Ernest & Celestine’s Oscar nomination will increase the film’s visibility, which is more than can be said about the next film on the list: Dan Sallit’s brilliant and challenging film, The Unspeakable Act. The crime at the heart of this story is the taboo topic of incest, which is discussed with refreshing frankness here. But what sets the rather poignantly titled The Unspeakable Act apart from the rest of this list is that the criminal and the punisher in this film is the same person: Jackie Kimball (a superb Tallie Medel), a teenage girl who idolizes his brother to the point of obsession. As Jackie’s desires are unrequited and only vaguely expressed to her brother, our only conduit to her mind is a series of conversations with her psychologist, through which the immorality of an incestuous relationship is dissected, contextualized and philosophized. Consequently, the punishment for Jackie’s “thought crime” is a gradual process of self-realization, rather than delivered in a single moment. Paradoxically, this lack of catharsis with regards to any retribution means that The Unspeakable Act spends more time intellectually scrutinizing the crime than any other film on the list.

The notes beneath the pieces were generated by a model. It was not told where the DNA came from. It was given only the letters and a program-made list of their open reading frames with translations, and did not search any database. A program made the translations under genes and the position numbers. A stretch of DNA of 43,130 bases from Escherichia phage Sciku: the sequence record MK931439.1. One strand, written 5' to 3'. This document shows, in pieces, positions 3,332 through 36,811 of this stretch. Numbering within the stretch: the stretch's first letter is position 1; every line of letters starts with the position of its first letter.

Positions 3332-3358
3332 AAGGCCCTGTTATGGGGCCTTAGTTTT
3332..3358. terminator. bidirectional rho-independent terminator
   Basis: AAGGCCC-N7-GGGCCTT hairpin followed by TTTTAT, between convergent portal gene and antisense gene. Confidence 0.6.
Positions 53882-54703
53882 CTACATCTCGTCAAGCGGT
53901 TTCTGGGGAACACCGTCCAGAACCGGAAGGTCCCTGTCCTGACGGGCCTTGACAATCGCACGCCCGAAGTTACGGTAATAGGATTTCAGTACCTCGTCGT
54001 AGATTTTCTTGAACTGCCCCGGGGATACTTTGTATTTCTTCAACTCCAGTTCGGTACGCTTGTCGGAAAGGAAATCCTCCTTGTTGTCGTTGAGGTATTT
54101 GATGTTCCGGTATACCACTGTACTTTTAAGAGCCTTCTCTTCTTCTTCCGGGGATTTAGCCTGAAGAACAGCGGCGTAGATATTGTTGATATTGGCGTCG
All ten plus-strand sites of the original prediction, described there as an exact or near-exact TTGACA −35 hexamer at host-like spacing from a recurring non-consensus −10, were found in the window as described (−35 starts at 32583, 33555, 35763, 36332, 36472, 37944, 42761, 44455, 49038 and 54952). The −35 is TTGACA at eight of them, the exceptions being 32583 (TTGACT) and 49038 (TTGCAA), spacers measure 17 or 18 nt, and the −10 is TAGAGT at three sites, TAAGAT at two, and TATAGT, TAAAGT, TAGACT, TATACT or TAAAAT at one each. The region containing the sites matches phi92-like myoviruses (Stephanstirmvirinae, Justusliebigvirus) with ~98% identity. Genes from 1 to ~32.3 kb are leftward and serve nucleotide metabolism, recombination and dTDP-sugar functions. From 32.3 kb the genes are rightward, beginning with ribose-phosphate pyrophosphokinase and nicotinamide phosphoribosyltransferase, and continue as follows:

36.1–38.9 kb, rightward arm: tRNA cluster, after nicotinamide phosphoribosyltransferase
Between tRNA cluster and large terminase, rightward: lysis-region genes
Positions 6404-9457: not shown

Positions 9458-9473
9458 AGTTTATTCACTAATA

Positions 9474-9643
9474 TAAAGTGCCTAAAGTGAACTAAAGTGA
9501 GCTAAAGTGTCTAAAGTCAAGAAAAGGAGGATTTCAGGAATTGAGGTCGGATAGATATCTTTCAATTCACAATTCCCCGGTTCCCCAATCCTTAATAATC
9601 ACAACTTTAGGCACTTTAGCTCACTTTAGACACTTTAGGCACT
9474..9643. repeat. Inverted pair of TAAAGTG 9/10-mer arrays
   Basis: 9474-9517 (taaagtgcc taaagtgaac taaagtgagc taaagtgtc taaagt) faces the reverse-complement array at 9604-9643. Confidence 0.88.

Kelly Reichardt’s latest film, Night Moves, has yet to be released theatrically following its fall festival tour, but any conversation on crime in cinema wouldn’t be complete without its inclusion. The film tells the story of three eco-terrorists (Eisenberg, Fanning, Sarsgaard) whose power dynamics and disagreements over the cause and the process of their crime reveals interesting truths about the nature of political activism and group criminal activities. The three of them view their plan as something akin to vandalism and a step for the greater good, therefore it is not until this plan goes awry and the consequences ripple out of control that their intentions and differences come to light. I shall refrain from exposing any further details about the plot as Night Moves is a film best viewed cold; suffice it to say that aftermath of the crime, which deals more with guilt and paranoia than punishment will be among the best things the silver screen has to offer in the next twelve months.